Current Progressive Cattle digital edition

How to produce high-health calves

W. Mark Hilton for Progressive Cattleman Published on 24 July 2017
Cattle in a pasture

Healthy calves are critical to the lifetime profitability of your herd. That’s why ensuring your calves get off to a great start is so critical.

Cattle that stay healthy in the feedlot produce greater revenue than those that become sick. Calves treated once earned $119.92 less, and calves treated two or more times earned $365.01 less, according to a 2014 study. These numbers show the tremendous influence on calf value when relating health to overall profitability.

Calving time and environment

“When is the ideal time to calve?” is a question I often receive, and I always tells producers, “I’ll tell you a month after the fact.”

It is my belief that beef cows need to be low-maintenance and require minimal inputs while also being highly productive and highly profitable. I think we can have all four. If this is the goal, calving in the middle of winter in northern climates or in the middle of summer most places in North America makes little sense.

Calving season is a balancing act of weather at calving time balanced with weather and forage supply at rebreeding. The issue of labor at calving should be a minor factor because low-maintenance cows that calve on their own need little assistance with labor.

Calves born in weather conducive for a newborn to be born outside have many health advantages compared to calves born in a confinement setting.

Calf vigor

Calf vigor at birth is influenced by birthweight, calving ease score, sex of calf, age of dam and breed of calf. Producers don’t need to use calving ease bulls on cows but need to be reasonable with regard to birthweight expected progeny differences (EPD).

While the goal is not to produce 120-pound calves, it is also not to produce 60-pound calves at birth from mature cows. In a study in Nebraska with over 4,000 calves born out of 2-year-old heifers, calf mortality was increased with calves significantly heavier or significantly lighter at birth than the mean.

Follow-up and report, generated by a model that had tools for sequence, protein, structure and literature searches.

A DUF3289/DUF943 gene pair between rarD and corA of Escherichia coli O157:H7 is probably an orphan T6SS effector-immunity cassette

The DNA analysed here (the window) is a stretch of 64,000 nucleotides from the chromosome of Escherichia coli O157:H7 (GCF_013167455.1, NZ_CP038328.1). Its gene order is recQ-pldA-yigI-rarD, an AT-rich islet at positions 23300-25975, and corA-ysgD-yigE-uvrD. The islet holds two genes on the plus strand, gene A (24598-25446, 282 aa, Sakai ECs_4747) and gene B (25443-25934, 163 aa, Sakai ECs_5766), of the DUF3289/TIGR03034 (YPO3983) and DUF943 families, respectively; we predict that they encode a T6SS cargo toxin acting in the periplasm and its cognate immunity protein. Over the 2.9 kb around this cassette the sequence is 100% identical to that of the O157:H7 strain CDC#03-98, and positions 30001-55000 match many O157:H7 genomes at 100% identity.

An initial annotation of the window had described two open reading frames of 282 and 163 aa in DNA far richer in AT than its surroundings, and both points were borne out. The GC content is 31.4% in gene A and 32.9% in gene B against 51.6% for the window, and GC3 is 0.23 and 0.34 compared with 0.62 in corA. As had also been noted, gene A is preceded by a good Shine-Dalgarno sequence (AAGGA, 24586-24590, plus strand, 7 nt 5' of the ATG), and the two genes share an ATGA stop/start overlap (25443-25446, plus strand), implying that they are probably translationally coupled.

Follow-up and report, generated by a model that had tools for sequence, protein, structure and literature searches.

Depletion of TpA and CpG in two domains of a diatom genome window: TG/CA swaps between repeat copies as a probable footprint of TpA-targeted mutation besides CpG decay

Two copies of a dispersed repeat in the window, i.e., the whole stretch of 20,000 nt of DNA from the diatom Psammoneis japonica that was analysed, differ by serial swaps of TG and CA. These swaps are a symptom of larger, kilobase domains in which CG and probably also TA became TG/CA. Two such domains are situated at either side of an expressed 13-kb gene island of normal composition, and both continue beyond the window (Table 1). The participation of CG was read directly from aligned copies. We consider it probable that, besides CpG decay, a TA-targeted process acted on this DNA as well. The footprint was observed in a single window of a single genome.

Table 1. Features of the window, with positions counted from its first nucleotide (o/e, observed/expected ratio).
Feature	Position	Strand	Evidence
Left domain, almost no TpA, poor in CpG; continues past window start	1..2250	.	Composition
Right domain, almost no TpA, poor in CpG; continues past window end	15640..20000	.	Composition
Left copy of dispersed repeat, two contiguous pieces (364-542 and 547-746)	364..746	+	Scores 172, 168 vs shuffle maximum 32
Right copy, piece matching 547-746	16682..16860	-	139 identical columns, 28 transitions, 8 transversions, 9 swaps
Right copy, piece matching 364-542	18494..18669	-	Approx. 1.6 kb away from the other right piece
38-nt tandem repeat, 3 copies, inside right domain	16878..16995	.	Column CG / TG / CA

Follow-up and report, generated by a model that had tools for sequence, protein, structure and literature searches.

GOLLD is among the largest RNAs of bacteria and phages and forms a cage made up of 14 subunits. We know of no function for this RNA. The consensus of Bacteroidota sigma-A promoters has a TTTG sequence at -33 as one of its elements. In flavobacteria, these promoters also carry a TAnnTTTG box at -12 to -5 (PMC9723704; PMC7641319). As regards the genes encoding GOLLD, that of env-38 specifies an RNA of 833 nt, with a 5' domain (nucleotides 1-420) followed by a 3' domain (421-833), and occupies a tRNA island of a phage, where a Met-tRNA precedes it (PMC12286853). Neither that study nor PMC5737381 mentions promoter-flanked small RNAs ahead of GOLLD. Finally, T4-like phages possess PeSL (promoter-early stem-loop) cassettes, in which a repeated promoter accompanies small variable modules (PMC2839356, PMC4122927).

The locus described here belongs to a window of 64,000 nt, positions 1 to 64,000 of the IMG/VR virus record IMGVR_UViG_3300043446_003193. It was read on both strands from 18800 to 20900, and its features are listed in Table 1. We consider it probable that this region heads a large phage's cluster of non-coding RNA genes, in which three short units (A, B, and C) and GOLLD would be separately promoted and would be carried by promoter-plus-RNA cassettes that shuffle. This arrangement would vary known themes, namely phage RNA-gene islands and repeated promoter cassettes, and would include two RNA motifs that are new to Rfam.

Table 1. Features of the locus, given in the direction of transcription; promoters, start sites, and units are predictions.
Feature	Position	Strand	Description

Selecting for extremely low birthweight does not appear to be a sound production practice, as both very heavy and very light calves at birth have reduced vigor and increased mortality from birth to weaning. Crossbreeding/hybrid vigor will improve calf vigor, so cows should be mated to produce a crossbred calf.


Dam age, genetics and nutrition influence colostrum production. Cows should have a body condition score 5.5 to 6.0 and heifers 6.5 to 7.0 at calving to optimize colostrum production while also enhancing herd fertility.

Cows produce a finite amount of immunoglobulin (Ig) and, as milk EPD rises, colostral Ig concentration will decrease as the Ig will be diluted out in a greater volume of colostrum. If the calf can nurse all the colostrum, it will still receive all of the Ig.

If colostrum production is more than the calf’s ability to ingest it, the calf will have less Ig absorption. Is this a major issue? Probably not, but it is a potential concern. Higher and higher milk EPDs are not positive in my opinion.


Preconditioning calves = win-win-win-win. Calves are healthier with improved animal welfare. Cow-calf producers enjoy improved income. Feedlot buyers see decreased morbidity and mortality with improved profits. Consumers get an improved product.